NBA-Warriors, Celtics add voices to calls for stricter gun laws
By Rory Carroll
SAN FRANCISCO (Reuters) -Players and coaches for the Golden State Warriors and Boston Celtics as well as the U.S. men's soccer team on Sunday urged Congress to support stricter gun laws amid a surge in mass shootings in the United States.
A shooting in Philadelphia left at least three people dead and 11 others wounded, police said on Sunday in the latest case of gun violence in the United States following recent massacres in Texas, New York and Oklahoma in which dozens died.
Ahead of Game Two of the NBA Finals in San Francisco, players and coaches wore orange t-shirts that said "End Gun Violence" on the front and a list of advocacy organizations working to address the issue on the back.
"We feel very strongly as a league that it is time for people to take notice and take part in what should be a nationwide effort to limit gun violence," said Warriors head coach Steve Kerr.
"And there are ways to limit it. There are proven laws that are waiting to be passed."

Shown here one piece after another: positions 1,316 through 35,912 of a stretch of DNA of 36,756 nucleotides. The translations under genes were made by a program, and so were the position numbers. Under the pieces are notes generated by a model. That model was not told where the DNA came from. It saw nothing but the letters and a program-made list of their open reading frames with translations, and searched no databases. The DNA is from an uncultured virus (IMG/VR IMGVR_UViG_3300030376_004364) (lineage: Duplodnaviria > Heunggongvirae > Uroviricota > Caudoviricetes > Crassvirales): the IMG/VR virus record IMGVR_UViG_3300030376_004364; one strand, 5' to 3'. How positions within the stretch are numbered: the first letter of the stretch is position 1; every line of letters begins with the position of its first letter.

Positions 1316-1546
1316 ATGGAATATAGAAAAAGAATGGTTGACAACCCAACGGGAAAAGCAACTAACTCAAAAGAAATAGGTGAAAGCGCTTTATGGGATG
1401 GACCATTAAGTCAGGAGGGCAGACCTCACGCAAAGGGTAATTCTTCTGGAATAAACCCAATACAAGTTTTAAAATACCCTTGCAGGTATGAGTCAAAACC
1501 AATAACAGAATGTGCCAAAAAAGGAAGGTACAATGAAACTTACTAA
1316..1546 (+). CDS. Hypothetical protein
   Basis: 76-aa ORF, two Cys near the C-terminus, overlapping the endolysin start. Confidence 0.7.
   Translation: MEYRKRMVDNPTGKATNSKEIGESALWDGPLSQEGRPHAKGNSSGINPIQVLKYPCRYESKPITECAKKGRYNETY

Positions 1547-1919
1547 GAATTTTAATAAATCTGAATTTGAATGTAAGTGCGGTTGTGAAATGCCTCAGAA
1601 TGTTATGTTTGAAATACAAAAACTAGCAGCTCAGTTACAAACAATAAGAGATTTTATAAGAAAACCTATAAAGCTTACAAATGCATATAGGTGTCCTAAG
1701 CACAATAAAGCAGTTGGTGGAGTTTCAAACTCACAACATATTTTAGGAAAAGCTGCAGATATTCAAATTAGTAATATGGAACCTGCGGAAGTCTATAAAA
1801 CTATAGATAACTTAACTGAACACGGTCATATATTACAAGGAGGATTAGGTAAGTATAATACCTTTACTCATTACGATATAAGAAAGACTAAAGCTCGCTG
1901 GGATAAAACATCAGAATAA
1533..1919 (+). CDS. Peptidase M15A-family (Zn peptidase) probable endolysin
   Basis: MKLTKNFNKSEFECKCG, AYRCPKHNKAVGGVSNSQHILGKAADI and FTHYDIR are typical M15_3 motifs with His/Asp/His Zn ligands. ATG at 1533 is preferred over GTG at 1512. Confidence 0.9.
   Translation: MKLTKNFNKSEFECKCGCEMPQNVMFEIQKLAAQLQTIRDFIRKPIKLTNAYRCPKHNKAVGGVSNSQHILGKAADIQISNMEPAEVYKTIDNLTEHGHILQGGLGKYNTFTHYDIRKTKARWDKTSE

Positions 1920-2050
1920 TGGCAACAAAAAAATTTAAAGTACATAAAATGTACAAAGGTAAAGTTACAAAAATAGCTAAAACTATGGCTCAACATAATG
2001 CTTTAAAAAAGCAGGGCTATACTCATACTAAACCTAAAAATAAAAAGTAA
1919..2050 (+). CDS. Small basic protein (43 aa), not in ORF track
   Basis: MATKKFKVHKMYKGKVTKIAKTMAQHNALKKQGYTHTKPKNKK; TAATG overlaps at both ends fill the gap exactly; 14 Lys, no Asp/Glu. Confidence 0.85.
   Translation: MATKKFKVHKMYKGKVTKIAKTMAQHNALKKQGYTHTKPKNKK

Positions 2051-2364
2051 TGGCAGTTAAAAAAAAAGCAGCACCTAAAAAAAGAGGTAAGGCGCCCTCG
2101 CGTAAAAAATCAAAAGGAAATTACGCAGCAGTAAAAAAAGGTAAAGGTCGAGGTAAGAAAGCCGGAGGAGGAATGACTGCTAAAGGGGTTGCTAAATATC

Kerr received national attention for his passionate plea for change after 19 children and two teachers were killed by an 18-year-old gunman at an elementary school in south Texas last month.
Celtics coach Ime Udoka echoed Kerr in calling for change.
"We are all on the same page," Udoka said.
Also on Sunday, the U.S. men's soccer team sent an open letter to members of Congress urging them to pass stricter gun laws.
"Our ability to affect change is limited, but yours is not," the U.S. men's team said in the letter.
"You could vote this week to address gun violence in America, and in fact, you will be given that opportunity. In the coming days, the U.S. House of Representatives is voting on several bills that would address this serious issue. Please vote yes on all the bills being considered."
Like scores of other teams across the United States this weekend, the squad wore orange arm bands during their friendly on Sunday in support of "Wear Orange Weekend," an annual event calling for an end to gun violence.
There have been at least 239 mass shootings in the United States so far this year, according to the Gun Violence Archive, a nonprofit research group. It defines a mass shooting as one in which at least four people are shot, excluding the shooter.
U.S. President Joe Biden on Thursday called on Congress to ban assault weapons, expand background checks and implement other gun control measures to address the string of mass shootings.
A broad majority of American voters, both Republicans and Democrats, favor stronger gun control laws, but Republicans in Congress and some moderate Democrats have blocked such legislation for years.
(Reporting by Rory Carroll in San Francisco; Editing by Sam Holmes)